It's been a little over a year since my gaming groups started playing D&D 5th Edition. We began with the D&D Basic Rules when they were released in July 2014 and quickly moved to the core rules (Player's Handbook, Dungeon Master's Guide, Monster Manual) as they released. My Sunday group ran two playtest campaigns during this time: Obsidian Frontier, a sandbox game, and Heart of Darkness is a level-per-session story-driven game.
Every hero’s path to glory to starts somewhere. In The Crypt of the Everflame, a 32-page, 1st-level adventure for the Pathfinder RPG, that path begins with a centuries-old crypt and an initiation ceremony gone horribly wrong.
Five years ago, I wrote about the dangers of the mega dungeon. Now my group has returned to Dungeons & Dragons, and I'm contemplating the role of dungeons in the campaign. Time has shown that the folks in my group aren't big fans of mega dungeons, but I think we still enjoy the challenge of subterranean complexes ... we just don't want to get trapped there.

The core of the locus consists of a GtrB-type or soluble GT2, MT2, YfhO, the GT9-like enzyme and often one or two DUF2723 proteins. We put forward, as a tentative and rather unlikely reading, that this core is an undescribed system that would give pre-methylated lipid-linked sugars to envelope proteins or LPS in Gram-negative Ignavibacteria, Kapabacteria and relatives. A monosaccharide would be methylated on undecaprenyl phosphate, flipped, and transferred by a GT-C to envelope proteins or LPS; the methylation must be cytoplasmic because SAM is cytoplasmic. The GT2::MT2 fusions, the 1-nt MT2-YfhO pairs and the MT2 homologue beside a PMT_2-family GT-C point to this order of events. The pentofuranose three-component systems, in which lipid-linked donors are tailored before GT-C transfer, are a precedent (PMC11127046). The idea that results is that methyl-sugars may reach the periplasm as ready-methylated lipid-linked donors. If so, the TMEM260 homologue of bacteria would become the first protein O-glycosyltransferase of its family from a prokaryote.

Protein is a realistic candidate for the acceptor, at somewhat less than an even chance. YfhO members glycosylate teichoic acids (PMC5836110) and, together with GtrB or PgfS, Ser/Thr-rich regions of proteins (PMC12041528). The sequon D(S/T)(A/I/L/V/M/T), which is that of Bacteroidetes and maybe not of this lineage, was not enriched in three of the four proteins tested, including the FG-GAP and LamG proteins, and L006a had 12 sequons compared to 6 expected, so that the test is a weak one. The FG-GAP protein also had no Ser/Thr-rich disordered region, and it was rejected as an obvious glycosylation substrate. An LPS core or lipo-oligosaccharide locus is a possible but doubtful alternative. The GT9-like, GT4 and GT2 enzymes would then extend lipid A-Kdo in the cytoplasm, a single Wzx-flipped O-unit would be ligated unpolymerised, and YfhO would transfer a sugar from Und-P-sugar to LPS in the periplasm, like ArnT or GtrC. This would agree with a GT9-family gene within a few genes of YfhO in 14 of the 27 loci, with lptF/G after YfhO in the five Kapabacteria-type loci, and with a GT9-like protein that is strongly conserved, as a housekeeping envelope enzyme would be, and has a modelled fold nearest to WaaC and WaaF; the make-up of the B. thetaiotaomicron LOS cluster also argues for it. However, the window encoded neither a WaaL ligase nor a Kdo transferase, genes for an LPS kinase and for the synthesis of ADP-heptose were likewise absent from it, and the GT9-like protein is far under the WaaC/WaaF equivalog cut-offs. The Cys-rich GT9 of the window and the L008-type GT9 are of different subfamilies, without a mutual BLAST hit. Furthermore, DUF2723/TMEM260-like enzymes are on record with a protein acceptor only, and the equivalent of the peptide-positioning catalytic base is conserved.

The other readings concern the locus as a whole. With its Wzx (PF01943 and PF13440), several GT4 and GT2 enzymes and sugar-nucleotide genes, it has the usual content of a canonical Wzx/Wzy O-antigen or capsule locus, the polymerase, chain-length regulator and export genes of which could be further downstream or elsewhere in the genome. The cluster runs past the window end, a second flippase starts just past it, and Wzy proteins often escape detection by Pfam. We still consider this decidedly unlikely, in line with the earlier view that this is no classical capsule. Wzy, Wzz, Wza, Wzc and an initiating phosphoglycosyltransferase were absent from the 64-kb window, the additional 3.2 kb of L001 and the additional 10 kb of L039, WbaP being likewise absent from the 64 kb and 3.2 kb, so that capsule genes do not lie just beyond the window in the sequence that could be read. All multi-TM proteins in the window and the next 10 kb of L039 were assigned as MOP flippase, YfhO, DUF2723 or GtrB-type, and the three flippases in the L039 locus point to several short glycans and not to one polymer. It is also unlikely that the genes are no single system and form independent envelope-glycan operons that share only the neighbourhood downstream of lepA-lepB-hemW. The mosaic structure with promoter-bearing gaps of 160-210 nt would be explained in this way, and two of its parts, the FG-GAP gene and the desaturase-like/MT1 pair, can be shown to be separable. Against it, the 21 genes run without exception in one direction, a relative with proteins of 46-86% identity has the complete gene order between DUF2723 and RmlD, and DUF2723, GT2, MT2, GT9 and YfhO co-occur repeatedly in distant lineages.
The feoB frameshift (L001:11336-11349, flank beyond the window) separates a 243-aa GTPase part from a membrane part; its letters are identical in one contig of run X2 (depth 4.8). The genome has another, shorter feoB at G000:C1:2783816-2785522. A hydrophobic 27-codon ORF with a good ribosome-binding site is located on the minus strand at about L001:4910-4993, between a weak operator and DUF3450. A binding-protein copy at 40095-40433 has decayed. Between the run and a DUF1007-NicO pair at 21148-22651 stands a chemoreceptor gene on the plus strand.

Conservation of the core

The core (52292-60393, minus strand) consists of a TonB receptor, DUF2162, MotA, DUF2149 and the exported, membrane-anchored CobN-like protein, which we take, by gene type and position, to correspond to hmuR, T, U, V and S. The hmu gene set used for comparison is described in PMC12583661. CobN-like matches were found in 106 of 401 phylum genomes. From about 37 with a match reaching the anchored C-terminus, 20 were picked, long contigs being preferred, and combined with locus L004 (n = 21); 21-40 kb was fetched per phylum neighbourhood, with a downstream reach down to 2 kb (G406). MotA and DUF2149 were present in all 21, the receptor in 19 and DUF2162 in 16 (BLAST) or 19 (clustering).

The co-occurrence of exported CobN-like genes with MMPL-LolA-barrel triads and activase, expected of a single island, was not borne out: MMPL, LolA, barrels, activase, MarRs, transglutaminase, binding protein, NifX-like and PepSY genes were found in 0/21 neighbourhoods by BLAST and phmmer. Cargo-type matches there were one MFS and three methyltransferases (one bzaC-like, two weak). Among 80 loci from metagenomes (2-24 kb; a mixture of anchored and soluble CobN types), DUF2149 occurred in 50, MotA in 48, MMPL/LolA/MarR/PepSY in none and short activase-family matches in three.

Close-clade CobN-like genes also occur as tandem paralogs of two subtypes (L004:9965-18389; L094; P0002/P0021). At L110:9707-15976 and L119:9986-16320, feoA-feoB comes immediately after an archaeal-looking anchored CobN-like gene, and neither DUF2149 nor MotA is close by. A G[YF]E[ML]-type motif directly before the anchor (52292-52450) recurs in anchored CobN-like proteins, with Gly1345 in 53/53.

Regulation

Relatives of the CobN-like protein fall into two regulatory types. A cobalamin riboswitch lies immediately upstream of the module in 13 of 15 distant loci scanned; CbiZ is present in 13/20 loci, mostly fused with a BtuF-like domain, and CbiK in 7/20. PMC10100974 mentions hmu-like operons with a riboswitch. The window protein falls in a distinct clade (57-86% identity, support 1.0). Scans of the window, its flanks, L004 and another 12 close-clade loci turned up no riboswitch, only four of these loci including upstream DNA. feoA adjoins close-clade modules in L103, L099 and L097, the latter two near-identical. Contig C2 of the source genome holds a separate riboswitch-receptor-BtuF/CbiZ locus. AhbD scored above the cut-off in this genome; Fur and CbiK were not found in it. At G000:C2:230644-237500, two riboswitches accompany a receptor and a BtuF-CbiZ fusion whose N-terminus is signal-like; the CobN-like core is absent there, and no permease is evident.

I owe most of my esoteric knowledge of mythology, religion, art, and culture to role-playing game. Much of it was learned at the literary knee of Gary Gygax in the form of the Dungeon Master's Guide and Monster Manual, both of which were packed with strange monster names, advanced vocabulary, and random loot tables.
Scavenger’s Guide to Droids is the definitive droid source book for Star Wars: Saga Edition, introducing a new chassis-based system for creating droids, a new streamlined “protocol” format that lets players run droids as equipment rather than NPCs, new droid manufacturing traits and personality quirks and a 96 page codex containing dozens of droids.
One of the great things about Dungeons & Dragons 5th Edition is the re-emergence of recommending reading lists. The new lists (Appendix E in the Player's Handbook, Appendix D in the Dungeon Master's Guide) are patterned after Gary Gygax's legendary Appendix N from the original 1st edition AD&D DMG.
Basing a source book on a video game can be a risky business, particularly when that game is an uneven, occasionally gimmicky shooter like The Force Unleashed video game. You run the risk of alienating diehard Star Wars fans who scoff at the idea of Vader having a hidden student, while at the same time running out of content because of the game’s lack of depth. Fortunately The Force Unleashed Campaign Guide avoids all of this.
While researching a column for Knights of the Dinner Table I came across a small meme called "The RPG Bucket List". Regular bucket lists are the things that people want to do before they die; and RPG bucket list is the list of games people want to play before they expire.